parents

Seven things a midwife wants you to know.

Shauna and her son Jasper

By SHAUNA ANDERSON

When I had my first baby I was busy. I was working an “important job in TV land.” I was dedicated, I was committed, and I was focused.

Pregnancy was just a sideline.

Morning sickness – I could overcome. Pre-natal classes – you must be kidding I was too busy… I had Prime Ministers offices to call. Midwife appointments were barely just attended when I could make them. And a C-section was scheduled to optimise time.

What a bloody idiot I was!

Of course things went awry. My baby was breech and wasn’t growing properly and I had an early C-section at 36 weeks to avoid any problems.

Breastfeeding was a disaster which took weeks to sort out.  And no one prepared me for the fact a baby was coming after the whole birth bit.

I managed to battle through, but I tell you things were completely different for the second and the third pregnancy.

I was a model patient.

Just as an FYI, you should know that this post is sponsored by Pigeon. But all opinions expressed by the author are 100 per cent authentic and written in their own words.

Nicolette Chapman

Looking back I wish I had just spoken to a midwife like Nicolette Chapman. She has been in the baby game for over 15 years. Listening to someone like her would have saved a lot of tears. (Oh and a pile of broadband usage consulting YouTube “how-to’s”)

Here’s the top things I wish I knew before I had a baby.

1. Education.

Nicolette is a big fan of education. She says most first time mums get completely fixated on the labor bit and are unprepared for what comes after – er, actually having a living breathing person with needs you have to tend to.

Education, antenatal classes and familiarising yourself with what happens during birth are the key to minimising fears.

2. Stay active.

After witnessing hundreds of births Nicolette says the better prepared physically you are the easier things are going to be.

Stay as active as possible during the pregnancy – then your body is able to cope better with labour,” she says.  She suggests activities such as swimming and aqua aerobics.

3. Pelvic floor exercises.

I know, I know I should have. I wish I did.

There is nothing better to help with labor itself, the actual birth and the recovery.

4. Keep an open mind.

Pregnancy is such an overwhelming time and when things like labour don’t go exactly according to plan it can be extremely disappointing for both women and their partners.

Nicolette says to always keep an open mind and have a flexible birth plan so that things can be tweaked during labour. “Know your caregiver is trying to do the best thing for you,” she says.

ADVERTISEMENT

5. Sleep.

It generally takes about six weeks for sleep to overtake feeding as the main concern for mums post birth.

The adrenalin wears off and you realise that this little person actually isn’t going to sleep through the night ever. That you will never get a decent night’s sleep and that you may as well get your name and phone number tattooed to your hand because there is a big chance you will never remember it again. (Or maybe that’s just me).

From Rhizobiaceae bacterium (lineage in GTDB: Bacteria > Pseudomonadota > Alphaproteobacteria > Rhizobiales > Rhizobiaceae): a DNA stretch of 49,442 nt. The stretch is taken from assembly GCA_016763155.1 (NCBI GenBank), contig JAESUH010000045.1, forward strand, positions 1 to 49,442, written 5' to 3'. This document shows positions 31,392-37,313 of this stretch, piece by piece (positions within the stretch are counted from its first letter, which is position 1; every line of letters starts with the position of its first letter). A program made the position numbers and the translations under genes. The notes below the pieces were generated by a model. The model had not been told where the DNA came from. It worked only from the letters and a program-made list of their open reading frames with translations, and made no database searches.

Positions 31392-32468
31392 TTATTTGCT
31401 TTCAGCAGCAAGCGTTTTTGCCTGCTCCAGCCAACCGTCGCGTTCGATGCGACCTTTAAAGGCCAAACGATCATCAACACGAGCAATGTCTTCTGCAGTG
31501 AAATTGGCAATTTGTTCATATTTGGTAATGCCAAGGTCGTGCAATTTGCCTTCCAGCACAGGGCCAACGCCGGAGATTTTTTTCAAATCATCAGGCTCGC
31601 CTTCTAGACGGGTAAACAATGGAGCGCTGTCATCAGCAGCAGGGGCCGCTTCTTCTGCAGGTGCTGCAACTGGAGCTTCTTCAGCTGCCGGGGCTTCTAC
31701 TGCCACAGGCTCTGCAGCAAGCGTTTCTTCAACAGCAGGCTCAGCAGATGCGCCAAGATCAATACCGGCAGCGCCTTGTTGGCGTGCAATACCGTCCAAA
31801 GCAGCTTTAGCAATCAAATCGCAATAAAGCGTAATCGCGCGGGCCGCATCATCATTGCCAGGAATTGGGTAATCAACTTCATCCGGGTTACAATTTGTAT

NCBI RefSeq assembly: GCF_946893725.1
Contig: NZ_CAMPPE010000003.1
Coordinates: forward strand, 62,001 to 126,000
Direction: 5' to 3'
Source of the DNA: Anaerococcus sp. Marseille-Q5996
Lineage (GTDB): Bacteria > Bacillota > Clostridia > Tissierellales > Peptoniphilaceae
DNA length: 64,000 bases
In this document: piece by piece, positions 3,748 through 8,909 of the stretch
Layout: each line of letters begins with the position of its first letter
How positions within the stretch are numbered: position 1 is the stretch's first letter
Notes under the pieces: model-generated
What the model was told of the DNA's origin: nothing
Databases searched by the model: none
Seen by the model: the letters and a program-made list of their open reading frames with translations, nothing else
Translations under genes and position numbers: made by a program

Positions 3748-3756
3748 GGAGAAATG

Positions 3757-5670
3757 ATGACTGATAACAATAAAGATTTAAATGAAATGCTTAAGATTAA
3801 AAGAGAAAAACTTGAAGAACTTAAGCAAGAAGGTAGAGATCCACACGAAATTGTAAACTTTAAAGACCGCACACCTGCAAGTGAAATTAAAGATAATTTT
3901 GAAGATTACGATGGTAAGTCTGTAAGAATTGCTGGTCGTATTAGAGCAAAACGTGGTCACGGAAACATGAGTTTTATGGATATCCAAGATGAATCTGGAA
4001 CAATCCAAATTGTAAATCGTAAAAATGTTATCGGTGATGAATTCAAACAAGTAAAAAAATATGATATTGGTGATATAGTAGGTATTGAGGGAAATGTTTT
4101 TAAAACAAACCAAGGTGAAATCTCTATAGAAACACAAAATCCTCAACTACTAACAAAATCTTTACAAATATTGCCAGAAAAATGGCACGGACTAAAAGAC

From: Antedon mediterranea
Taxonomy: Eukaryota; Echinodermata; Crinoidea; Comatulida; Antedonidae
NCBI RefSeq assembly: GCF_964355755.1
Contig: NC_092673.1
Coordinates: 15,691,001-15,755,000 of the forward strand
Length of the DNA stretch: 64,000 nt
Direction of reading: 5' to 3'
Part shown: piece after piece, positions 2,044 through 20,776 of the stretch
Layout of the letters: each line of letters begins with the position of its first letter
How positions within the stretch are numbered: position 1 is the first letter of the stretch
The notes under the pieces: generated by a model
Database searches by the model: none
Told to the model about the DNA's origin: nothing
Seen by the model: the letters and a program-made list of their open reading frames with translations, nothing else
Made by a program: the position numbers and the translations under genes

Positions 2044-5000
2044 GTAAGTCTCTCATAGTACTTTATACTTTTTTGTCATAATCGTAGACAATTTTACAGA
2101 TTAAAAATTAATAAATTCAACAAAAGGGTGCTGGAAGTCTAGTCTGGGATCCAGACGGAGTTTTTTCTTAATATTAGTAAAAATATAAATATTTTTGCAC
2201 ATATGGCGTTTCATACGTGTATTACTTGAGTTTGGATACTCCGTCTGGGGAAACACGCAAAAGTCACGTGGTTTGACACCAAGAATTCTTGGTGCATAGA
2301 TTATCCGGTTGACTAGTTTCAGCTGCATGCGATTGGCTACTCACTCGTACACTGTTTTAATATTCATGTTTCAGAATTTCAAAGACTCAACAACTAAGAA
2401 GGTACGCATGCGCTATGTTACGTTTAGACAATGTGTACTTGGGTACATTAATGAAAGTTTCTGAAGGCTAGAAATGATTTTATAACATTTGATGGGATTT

Don’t worry say the midwives, it will get better…(just don’t count on it in the next decade).

“There isn’t an awful lot you can do before you have your baby to prepare for breastfeeding.”

6. Breastfeeding.

There isn’t an awful lot you can do before you have your baby to prepare for breastfeeding other than read, read, read and research. Nicolette suggests you know your anatomy but I warn you, post birth your “anatomy” is not going to be like anything you have experienced before.

Those previous body parts you hardly gave a thought to will become a major focus. They will be transformed. They will pulsate and crack and bleed and radiate heat and leak and engorge.

If breastfeeding works for you then that’s great. If it doesn’t then don’t become too wound up in it. There are many ways to feed your baby.

7. Bottle feeding or combination feeding.

Many women choose to bottle-feed or to combine breastfeeding and bottle-feeding – which works pretty well for busy families.

Nicolette admits that when it comes to bottle-feeding some women feel there is a stigma out there that stops them asking for help. She urges Mums to get support.

“Midwives are pro-breastfeeding but if you choose not to or can’t then of course we want to help and make sure babies are being fed properly,” she says.

Nicolette says to prepare yourself for bottle-feeding by picking the right products. She says, “from nearly 15 years experience I have found the pigeon wide necked bottles are fantastic for babies and are great for combination feeding as well – the shape of the teat and the way the baby’s mouth attaches to it seems to hold that same natural shape as breastfeeding.”

Good luck with your baby. Cherish every second because life will never be as fulfilling or as breathtakingly, or as bewilderingly precious.

What about you, what do you wish you’d known before having a baby? What tips would you pass on?

A few more hilarious insights into the wonderment of parenthood …

The ‘P’ in Pigeon’s logo represents the two hearts of a mother and her baby – the larger heart of the mother tenderly embraces the smaller heart of her baby, symbolising their deep and endless connection.

Pigeon understands this connection and that is why we will never compromise on quality, and over the past 57 years, every day millions of mothers and babies have thrived on Pigeon products.

Our advanced research into the way babies nurse has made Pigeon teats respected worldwide.

Learn more about Pigeon’s large range of products at www.pigeonbaby.com.au.

00:00 / ???